xml:space="preserve">
xml:space="preserve">
Advertisement
Advertisement

Howard school board, Merriweather bills among those to cross over

Annapolis statehouse

Bills changing the way Howard County's school board is elected, creating tax credits for properties damaged by flooding and bulking up noise regulations around Merriweather Post Pavilion have all cleared one chamber of the General Assembly with less than three weeks to go before the end of session.

The legislation, along with other local measures, got favorable votes from the House of Delegates by crossover day, the deadline by which proposals must be voted out of one chamber to get the best chance of being considered in the other.

Advertisement

Both the House of Delegates and the Senate stayed late into the night Monday as they worked their way through dozens of votes in order to position bills to pass by April 10, the last day of session.

The school board bill, crafted by Del. Vanessa Atterbeary, a Democrat from Maple Lawn, was endorsed by the Howard delegation and got a near unanimous vote in the House.

Advertisement
Advertisement
After weeks of discussion, Howard County's state delegation has reached an agreement on legislation that proposes to change the way the school board is elected.

Del. Shane Pendergrass, a Columbia Democrat who disagreed with the bill's continuation of at-large elections for school board members — she argued they are too expensive and difficult for average citizens to run — was the sole opposing vote. Del. Bob Flanagan, an Ellicott City Republican who had proposed his own solution for the school board, didn't cast a vote on the measure.

Under the legislation, which changed several times before winning a majority of the delegation's endorsement, voters countywide would still elect all seven Board of Education members but five of the seats would be tied to councilmanic districts and could only be represented by residents of those districts. The other two seats would remain at-large.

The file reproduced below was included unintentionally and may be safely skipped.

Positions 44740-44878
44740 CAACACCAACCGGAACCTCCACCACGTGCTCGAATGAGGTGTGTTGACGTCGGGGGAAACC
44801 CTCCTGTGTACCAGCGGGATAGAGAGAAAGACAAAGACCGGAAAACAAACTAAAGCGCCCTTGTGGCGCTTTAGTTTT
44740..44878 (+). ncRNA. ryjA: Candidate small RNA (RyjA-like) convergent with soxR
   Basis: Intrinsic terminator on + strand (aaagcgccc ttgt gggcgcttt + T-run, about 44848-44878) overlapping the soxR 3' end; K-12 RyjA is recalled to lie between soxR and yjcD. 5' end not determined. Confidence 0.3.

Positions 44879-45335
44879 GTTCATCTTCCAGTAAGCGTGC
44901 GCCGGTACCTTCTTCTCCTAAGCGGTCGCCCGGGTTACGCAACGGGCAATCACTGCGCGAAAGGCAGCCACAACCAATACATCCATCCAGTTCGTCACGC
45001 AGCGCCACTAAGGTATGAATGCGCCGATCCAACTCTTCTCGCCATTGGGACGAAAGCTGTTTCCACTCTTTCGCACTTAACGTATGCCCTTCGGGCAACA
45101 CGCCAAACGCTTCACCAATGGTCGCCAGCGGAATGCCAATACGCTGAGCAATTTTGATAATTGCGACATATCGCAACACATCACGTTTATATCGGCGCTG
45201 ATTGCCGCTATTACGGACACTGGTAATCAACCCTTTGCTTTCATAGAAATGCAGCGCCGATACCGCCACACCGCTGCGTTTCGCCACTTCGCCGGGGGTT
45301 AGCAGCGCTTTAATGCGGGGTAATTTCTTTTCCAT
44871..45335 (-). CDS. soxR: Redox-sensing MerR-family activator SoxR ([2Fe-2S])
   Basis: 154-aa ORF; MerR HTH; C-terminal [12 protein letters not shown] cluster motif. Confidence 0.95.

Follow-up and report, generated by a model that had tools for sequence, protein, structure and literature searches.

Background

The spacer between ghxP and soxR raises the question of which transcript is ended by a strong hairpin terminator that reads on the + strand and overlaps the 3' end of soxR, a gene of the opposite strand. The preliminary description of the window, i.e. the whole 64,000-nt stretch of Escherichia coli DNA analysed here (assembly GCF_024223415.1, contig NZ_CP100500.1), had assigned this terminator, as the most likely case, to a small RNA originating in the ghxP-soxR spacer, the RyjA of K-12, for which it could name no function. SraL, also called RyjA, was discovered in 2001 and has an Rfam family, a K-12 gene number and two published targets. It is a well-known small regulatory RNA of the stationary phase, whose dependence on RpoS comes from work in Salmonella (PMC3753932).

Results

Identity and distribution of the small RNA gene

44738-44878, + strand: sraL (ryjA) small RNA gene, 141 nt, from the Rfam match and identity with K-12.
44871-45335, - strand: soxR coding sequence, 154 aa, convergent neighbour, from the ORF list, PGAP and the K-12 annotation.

The bill could face additional hurdles in the Senate. It has a hearing in the Education, Health and Environmental Affairs committee on April 5 — less than a week before the session ends — and must receive a favorable report from committee members before making it the Senate floor. Sen. Gail Bates, a west county Republican who opposed the measure in delegation and had instead advocated for forming an independent commission to establish school board districts, sits on Education, Health and Environmental Affairs.

Other bills that successfully made it out of one chamber by the end of crossover day include:

Advertisement

•House Bill 566, which would authorize the county to exempt historic district businesses from the personal property tax.

•House Bill 572, which would allow the county to offer a property tax credit to businesses that have suffered flood damage. The Senate's Budget & Taxation committee has given the measure a favorable report, sending it next to the Senate floor.

•House Bill 677, which would create stricter regulations on noise limits around Merriweather Post Pavilion by tying the limits to distance from the main stage, instead of a satellite. The bill has a Senate hearing March 30.

•House Bill 797, which would raise limits on the amount of beer, wine and liquor that can be served as part of alcohol tastings. The measure had a hearing March 21 but hasn't yet received a committee vote.

•House Bill 1343, which would classify county fire and explosive investigators as law enforcement officers with the authority to carry a gun and make arrests in the course of their duties. The measure has a Senate hearing March 30.

•House Bill 1604, which would exempt some county police, firefighters and first responders from the transfer tax. No Senate hearing has been scheduled yet.

Other measures didn't cross over in time.

Legislation that would have allowed county school boards to fire superintendents before their contract is up hasn't yet made it out of a House committee. Atterbeary, who sponsored the bill with Del. Eric Ebersole, a Democrat who represents Howard and Baltimore counties, said she thinks the legislation is probably dead for the session.

Some lawmakers are backing effort in Annapolis to require that buyers of tickets to Maryland sporting and entertainment can purchase them in a freely transferable form. The proposed legislation has the entertainment giant Ticketmaster on the defensive against would-be competitors such as StubHub.

But Atterbeary said she's heard interest and support for the measure from lawmakers representing other counties and expects the issue will be back next session.

And a bill giving the County Council power of approval over school board budget transfers and more than doubling the amount of time council members have to act on a request for a budget transfer is still in committee, as well.

Just because a bill didn't clear at least one of the chambers Monday doesn't mean it can't pass the General Assembly and become law — though it does face the risk of becoming mired in the rules committee, where bills will now be sent.



Advertisement
Advertisement
Advertisement
Advertisement
Advertisement
Advertisement
Advertisement